Following the release of the new Port Access Route Study for ports of Los Angeles and Long Beach, the Coast Guard last week recommended that shipping lanes within the Santa Barbara Channel be re-routed to prevent future ship strikes for whales — especially blue, fin and humpback whales.
In Fall 2007, five blue whales were killed as a result of ship collisions in the Santa Barbara Channel, which has the world’s most dense seasonal congregation of blue whales.
The Port Access Route Study recommends that the existing separation between shipping lanes in the Santa Barbara Channel be narrowed from 2 miles to 1 nautical mile, so that the inbound lane could be moved 1 mile north, away from a “shelf edge” area where whales feed on krill.
While environmental activists generally applauded the idea of moving the shipping lanes, the Environmental Defense Council (EDC) said the plan did not go far enough to protect whales. The group is asking for a 10-knot speed limit to be imposed on all vessels that operate around migrating whales or within four California marine sanctuaries.
“We support mandatory speed limits, so that whales are less likely to be hurt or killed by a collision with a ship,” said Brian Segee, staff attorney for the EDC. “Slower ship speeds will also reduce air pollution, noise and greenhouse gas emissions.”
The Coast Guard responded that authority to impose speed limits to protect whales rests with the National Oceanic and Atmospheric Administration.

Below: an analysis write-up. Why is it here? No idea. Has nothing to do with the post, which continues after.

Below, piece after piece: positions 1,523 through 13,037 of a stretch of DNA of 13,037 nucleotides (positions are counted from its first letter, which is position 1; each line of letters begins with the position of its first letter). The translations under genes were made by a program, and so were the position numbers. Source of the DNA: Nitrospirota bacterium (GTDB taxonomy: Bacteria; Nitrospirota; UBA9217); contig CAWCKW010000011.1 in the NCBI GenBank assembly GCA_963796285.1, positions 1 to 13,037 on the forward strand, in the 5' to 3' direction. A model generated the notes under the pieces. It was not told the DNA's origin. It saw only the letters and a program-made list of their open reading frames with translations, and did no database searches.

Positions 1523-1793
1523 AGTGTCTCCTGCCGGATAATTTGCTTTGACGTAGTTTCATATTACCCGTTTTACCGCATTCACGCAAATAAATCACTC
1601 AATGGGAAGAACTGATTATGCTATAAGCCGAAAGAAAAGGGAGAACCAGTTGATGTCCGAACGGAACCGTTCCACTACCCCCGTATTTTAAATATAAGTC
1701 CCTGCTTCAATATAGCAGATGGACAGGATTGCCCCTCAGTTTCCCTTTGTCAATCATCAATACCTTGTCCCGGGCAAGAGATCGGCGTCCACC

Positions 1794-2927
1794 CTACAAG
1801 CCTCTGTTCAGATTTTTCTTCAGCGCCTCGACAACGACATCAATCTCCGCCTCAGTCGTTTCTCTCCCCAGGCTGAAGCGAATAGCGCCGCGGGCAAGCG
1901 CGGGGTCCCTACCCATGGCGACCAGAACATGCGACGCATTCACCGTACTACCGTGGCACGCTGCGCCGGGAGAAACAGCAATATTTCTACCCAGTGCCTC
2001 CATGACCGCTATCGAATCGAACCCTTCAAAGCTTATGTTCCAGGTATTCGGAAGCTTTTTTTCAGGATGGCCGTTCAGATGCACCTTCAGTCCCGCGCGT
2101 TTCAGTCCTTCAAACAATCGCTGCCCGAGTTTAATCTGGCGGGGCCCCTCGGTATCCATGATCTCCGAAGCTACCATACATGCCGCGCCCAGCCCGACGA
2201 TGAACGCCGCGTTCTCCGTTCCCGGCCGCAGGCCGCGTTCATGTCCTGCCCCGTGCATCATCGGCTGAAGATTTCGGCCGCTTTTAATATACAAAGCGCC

Complicating matters further, for the past year, many large commercial vessels have been avoiding the Santa Barbara Channel shipping lanes entirely — in order to avoid having to comply with new California Air Resources Board requirements for using cleaner low-sulfur fuels within 24 miles of the California coast. Instead, vessels have been taking a route that has been called “the western approach” to the ports, running through the Point Mugu Sea Range — where the Navy conducts live-fire training exercises.
The Port Access Route Study recommends that shipping lanes be established on the south side of the Channel Islands, to reduce potential ship conflicts with the military.
Before any of the study’s recommendations could be implemented, the Coast Guard would be required to go through a formal public rule-making process. Check The Log Newspaper for the latest information on any upcoming public comment periods — and be sure to express your opinion about the proposed changes to shipping lanes and new speed limits.